RDACC supports consolidated LEP


Regional Development Australia Central Coast (RDACC) is urging Central Coast Council to continue the progression of a single Local Environmental Plan (LEP) and unified Development Control Plan (DCP), to support the continuing economic growth of the Central Coast region.

RDACC Chair, Phil Walker, said it has already been a lengthy process to bring together the two former government area (Gosford and Wyong) LEP’s and DCP’s, and it was now time to implement a permanent solution.

“The amalgamation of the former Gosford and Wyong councils in May 2016 presented many opportunities to streamline planning controls and increase efficiencies across the Central Coast,” said Mr Walker.

“More than three years on, the people of the Central Coast are more than ready for a unified approach to planning controls across the region that will only serve to encourage investment, growth and opportunity.”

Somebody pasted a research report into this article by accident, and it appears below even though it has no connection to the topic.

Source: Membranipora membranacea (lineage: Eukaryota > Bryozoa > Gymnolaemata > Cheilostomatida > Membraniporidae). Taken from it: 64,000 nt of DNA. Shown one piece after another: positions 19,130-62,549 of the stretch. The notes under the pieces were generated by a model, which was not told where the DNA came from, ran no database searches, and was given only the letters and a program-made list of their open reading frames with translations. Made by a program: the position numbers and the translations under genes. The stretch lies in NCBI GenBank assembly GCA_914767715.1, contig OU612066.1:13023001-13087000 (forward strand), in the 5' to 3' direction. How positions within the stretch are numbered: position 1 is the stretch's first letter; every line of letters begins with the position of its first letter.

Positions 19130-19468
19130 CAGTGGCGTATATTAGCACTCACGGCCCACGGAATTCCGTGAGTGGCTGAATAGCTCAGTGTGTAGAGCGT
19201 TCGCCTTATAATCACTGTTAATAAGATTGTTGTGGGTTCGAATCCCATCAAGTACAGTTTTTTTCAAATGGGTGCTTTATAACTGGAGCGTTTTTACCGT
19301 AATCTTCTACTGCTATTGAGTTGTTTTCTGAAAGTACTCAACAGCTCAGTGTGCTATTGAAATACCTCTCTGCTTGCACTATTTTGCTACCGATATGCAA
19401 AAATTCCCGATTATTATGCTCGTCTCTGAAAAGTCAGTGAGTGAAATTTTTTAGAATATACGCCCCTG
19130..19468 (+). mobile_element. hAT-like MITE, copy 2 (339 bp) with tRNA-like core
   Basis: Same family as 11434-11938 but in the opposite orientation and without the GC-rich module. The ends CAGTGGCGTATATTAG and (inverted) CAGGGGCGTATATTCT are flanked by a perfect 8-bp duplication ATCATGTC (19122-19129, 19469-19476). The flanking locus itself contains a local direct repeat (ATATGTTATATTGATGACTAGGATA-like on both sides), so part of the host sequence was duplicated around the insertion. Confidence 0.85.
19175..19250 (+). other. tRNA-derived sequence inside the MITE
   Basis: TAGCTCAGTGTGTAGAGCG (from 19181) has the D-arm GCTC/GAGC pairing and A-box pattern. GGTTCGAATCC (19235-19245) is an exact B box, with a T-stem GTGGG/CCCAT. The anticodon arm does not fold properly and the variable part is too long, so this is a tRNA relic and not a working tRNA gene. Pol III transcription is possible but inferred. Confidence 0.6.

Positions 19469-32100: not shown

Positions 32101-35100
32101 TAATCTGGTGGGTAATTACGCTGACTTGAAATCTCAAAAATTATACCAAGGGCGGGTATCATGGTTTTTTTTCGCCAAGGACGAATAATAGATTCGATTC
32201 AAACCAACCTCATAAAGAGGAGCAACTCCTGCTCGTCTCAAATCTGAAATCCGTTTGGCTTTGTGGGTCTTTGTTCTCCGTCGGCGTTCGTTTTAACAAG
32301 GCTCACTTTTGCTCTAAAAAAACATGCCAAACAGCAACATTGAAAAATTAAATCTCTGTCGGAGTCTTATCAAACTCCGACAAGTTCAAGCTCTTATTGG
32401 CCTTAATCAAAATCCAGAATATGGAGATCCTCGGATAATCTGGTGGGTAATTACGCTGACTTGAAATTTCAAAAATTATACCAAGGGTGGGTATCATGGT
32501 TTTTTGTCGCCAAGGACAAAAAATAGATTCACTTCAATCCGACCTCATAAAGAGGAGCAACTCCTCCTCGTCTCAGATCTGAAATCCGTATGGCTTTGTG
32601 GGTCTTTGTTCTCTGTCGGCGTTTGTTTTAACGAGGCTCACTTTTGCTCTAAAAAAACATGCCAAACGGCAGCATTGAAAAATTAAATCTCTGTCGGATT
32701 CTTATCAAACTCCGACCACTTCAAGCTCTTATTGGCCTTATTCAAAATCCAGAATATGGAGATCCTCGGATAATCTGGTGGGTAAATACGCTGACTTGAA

RDACC CEO and Director Regional Development, John Mouland, is urging council to revisit the benefits a single LEP will provide for the community as a whole.

“We’re urging council to revisit the broad community benefits a consolidated LEP will provide,” said Mr Mouland.

“We echo the sentiments of Council’s Director Environment & Planning in December 2018, as to why a single planning instrument is so important for the Central Coast:

“The ultimate goal here is to have one Local Environmental Plan (LEP) and one Development Control Plan (DCP) that will help improve our local environment and encourage investment, create new jobs and quality housing for the growing population of the Central Coast.”

“We appreciate the significant amount of work by council staff, community members and other government agencies in preparing a unified LEP designed to simplify planning processes, deliver significant efficiencies, protect and enhance our natural environment, and position the Central Coast as a more attractive region for investment,” Mr Mouland added.

“To halt or stall the implementation of single planning controls for the Central Coast at this late stage is likely put our region at an economic disadvantage and prevent us from realising our full economic potential for a long time yet to come.”